It is known that, the female Anopheles mosquito e.g. Anopheles gambiae (African mosquito) has an anautonomous feeding habit, meaning it needs blood in its diet for it to produce its egg, particularly the yolk. This is partly related to the need for certain hormones in the ovary in order for oogenesis (Egg production) to occur. One of these (OSBP - oxysterol binding protein) has been shown to be present in higher amounts in anautogenous mosquitoes E.g. Aedes egyptae (the vector for yellow fever transmission) compared to mainly autogenous mosquitoes e.g. Gc astropalpus.

    So, in brief, blood feeding mosquitoes can produce eggs and therefore perpetuate their species more easily.

    In addition, the digesive tract of mosquitoes has a mechanism for absorbing aromatic amino acids preferentially - whether the proteins in blood (particularly haemoglobin, albumin, AND alpha- [e. g. ceruloplasmin, which binds copper] beta- and gamma-globulins [immunoglobulins = antibodies e.g. IgG which is small enough to cross the placental barrier]) have a greater amount of the aromatic amino acids (e.g. phenylalanine or tyrosine), I do not know - sorry!

    As for other invertebrate blood feeders, I do not know much, but you can look it up.

    Hope this helps.

    M
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    (Original post by macpatelgh)
    Hi,

    Very interesting Q: From an empirical point of view, one could easily predict that blood, which obviously contains a wealth of nutrients and other chemicals (oxygen, hormones and antibodies, for instance - which is why the (unborn) human foetus survives (even thrives) purely from blood it derives from the (pregnant) mother via the complex and intricate placental vasculature), is a brilliant source of nutrients. This in itself is overwhelmingly useful to blood-feeding insects and other invertebrates.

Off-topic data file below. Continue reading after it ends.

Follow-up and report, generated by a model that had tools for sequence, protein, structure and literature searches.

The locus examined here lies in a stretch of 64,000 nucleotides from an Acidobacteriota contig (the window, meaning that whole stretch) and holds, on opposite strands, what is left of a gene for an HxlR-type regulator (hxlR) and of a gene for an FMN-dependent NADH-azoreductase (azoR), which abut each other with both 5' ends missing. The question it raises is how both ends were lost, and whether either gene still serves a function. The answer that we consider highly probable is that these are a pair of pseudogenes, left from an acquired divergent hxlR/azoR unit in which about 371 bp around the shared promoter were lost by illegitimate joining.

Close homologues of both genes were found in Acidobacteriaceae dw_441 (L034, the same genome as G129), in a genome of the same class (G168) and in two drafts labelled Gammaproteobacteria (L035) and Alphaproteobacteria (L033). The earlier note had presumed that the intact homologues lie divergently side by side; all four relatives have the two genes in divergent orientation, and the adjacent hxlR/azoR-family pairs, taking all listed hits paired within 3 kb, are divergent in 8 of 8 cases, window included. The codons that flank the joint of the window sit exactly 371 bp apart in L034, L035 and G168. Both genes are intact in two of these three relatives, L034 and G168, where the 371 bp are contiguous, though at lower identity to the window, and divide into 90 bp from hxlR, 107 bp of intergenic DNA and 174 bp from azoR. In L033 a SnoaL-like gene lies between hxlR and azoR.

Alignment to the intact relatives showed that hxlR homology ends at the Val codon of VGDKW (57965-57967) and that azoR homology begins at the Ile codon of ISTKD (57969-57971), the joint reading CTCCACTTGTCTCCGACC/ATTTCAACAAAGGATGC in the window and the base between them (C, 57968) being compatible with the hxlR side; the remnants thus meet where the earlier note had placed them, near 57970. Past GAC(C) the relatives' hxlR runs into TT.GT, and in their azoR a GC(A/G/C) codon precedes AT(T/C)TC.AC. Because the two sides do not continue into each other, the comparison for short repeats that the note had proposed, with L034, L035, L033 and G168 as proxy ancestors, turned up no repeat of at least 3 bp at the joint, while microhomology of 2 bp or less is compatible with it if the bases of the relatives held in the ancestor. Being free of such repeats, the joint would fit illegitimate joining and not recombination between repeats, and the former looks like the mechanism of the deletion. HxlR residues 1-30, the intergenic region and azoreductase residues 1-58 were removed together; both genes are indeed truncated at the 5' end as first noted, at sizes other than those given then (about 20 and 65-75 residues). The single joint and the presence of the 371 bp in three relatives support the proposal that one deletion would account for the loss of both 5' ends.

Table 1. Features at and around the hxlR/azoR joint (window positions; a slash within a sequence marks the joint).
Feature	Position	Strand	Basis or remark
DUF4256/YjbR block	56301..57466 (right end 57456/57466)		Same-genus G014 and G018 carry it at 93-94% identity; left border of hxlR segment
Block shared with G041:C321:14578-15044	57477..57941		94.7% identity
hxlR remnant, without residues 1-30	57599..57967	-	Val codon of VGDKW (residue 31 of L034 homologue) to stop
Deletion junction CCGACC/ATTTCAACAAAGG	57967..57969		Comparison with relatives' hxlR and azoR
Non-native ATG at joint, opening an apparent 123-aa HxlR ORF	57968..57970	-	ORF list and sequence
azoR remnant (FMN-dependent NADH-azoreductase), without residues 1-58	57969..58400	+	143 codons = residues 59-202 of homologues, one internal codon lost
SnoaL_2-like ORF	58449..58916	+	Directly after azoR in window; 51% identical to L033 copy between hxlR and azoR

It is known that, the female Anopheles mosquito e.g. Anopheles gambiae (African mosquito) has an anautonomous feeding habit, meaning it needs blood in its diet for it to produce its egg, particularly the yolk. This is partly related to the need for certain hormones in the ovary in order for oogenesis (Egg production) to occur. One of these (OSBP - oxysterol binding protein) has been shown to be present in higher amounts in anautogenous mosquitoes E.g. Aedes egyptae (the vector for yellow fever transmission) compared to mainly autogenous mosquitoes e.g. Gc astropalpus.

    So, in brief, blood feeding mosquitoes can produce eggs and therefore perpetuate their species more easily.

    In addition, the digesive tract of mosquitoes has a mechanism for absorbing aromatic amino acids preferentially - whether the proteins in blood (particularly haemoglobin, albumin, AND alpha- [e. g. ceruloplasmin, which binds copper] beta- and gamma-globulins [immunoglobulins = antibodies e.g. IgG which is small enough to cross the placental barrier]) have a greater amount of the aromatic amino acids (e.g. phenylalanine or tyrosine), I do not know - sorry!

    As for other invertebrate blood feeders, I do not know much, but you can look it up.

    Hope this helps.

    M
    I appreciate the detailed response. Thanks!